Everybody Loves Raymond became a hit on CBS for nine seasons. Featuring the chaotic interactions of the Barone family, Ray Romano headed the ensemble cast which co-starred legendary actor Peter Boyle. Romano recalled the first day of filming and how Boyle gave him some words of wisdom that “made everything less scary”.
Peter Boyle was the ‘exact opposite’ of Frank Barone
Boyle had an extensive list of TV and film credits to his name before he landed the role of cantankerous Frank Barone on Everybody Loves Raymond. Appearing in movie blockbusters such as Taxi Driver, Young Frankenstein, and The Santa Clause, Boyle was a pro from day one on set. Playing the abrasive, tactless character on the sitcom was a testament to his acting prowess since Boyle was nothing like the part he portrayed.
“Peter was the exact opposite of the closed curmudgeon character he played on TV,” Romano told AARP in 2017. “One of the smartest guys I ever met.”
Boyle was clearly a Renaissance man with a wide range of knowledge and experiences over the course of his life.
“He’d talk to Patricia Heaton about politics, and he’d dumb it down for me,” Romano revealed. “He spent two years in a monastery with a vow of silence. John Lennon was best man at his wedding to Loraine Alterman, the Rolling Stone reporter who did a story on Mel Brooks.”
Ray Romano said Peter Boyle ‘took me under his wing’
Romano was from standup comedy when he launched Everybody Loves Raymond. Starting the sitcom with little acting experience, the Parenthood star was dealing with some nerves when production began and credited Boyle for helping him put his mind at ease.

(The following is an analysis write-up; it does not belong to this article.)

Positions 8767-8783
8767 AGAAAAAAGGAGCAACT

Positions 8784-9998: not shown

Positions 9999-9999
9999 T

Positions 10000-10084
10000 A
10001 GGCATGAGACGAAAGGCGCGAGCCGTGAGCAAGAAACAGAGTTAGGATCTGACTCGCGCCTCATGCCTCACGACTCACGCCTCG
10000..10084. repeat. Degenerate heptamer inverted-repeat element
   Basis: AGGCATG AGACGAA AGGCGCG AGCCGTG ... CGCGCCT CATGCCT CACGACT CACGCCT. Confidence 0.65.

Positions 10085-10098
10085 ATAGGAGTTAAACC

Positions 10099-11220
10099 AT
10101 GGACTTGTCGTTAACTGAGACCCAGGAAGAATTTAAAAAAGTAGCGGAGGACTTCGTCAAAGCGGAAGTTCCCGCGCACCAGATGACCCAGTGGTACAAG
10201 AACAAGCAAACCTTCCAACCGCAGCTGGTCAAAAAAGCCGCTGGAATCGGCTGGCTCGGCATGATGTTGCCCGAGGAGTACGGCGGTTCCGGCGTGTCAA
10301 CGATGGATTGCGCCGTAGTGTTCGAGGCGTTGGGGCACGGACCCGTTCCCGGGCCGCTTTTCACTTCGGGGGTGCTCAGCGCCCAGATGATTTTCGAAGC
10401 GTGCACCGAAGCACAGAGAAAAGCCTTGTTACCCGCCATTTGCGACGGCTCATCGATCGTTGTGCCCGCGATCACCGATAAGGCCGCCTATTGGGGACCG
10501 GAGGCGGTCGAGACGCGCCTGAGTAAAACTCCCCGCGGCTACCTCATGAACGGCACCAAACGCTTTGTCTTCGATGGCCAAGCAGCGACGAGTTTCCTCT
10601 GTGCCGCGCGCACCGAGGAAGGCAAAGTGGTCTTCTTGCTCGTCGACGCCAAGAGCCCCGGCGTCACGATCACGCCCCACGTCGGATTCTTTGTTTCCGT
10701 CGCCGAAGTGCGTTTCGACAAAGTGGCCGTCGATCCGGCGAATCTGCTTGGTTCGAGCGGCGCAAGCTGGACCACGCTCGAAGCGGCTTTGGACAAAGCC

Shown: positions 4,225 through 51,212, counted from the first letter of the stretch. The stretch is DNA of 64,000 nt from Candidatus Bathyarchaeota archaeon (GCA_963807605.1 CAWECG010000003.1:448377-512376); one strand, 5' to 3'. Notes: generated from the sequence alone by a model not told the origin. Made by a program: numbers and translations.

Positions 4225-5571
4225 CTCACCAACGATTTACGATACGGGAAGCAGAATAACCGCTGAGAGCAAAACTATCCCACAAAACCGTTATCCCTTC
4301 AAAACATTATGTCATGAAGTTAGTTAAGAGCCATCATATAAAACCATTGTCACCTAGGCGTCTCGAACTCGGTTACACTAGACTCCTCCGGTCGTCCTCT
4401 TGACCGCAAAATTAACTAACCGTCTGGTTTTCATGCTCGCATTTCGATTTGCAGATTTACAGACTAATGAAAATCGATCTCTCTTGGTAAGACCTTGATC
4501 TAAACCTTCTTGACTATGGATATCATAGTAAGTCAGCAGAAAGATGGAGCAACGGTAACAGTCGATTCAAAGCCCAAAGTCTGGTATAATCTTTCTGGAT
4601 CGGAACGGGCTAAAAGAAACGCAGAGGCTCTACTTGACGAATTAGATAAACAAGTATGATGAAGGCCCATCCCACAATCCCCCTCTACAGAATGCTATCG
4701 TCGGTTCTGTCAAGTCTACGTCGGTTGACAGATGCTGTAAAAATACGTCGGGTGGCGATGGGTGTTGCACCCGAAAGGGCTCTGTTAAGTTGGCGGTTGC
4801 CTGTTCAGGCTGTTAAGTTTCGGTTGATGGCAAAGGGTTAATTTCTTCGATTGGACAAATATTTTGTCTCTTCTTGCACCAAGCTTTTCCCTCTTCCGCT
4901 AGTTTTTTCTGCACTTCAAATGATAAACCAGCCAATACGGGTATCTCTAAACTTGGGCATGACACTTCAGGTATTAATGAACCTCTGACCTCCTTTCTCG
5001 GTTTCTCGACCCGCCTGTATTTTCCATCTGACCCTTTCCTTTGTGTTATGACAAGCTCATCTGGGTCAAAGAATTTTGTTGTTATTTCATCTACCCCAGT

“He was an icon,” Romano said of Boyle. “I was this green kid, knew nobody, scared as hell, waiting for it all to go away. The first day I met him on Everybody Loves Raymond, Peter passed me on the stairs and, non-sequitur, put his hand on my shoulder and goes, ‘It’s like water, just let it flow’, and smiled. Broke the ice and made everything less scary.”
The co-stars lived near each other when the sitcom was in production. Boyle became a mentor to Romano and the comedian shared his gratitude for their friendship until the actor’s death in 2006.
“We were both here in L.A., with our families back in New York, and we rented apartments in the same place on Pico Boulevard,” Romano explained. “We’d run lines together. He took me under his wing.”
‘Everybody Loves Raymond’ star feels acting improves with age
Now that Romano has appeared in various television series as well as films including The Big Sick and Martin Scorsese’s The Irishman, he’s come a long way with his acting expertise since the early days of Everybody Loves Raymond.
“It’s like anything, you get better at it,” Romano remarked. “That rule is true for most things, but especially with acting, where you draw on your life experience. … I think that as actors age, the work becomes more organic to them.”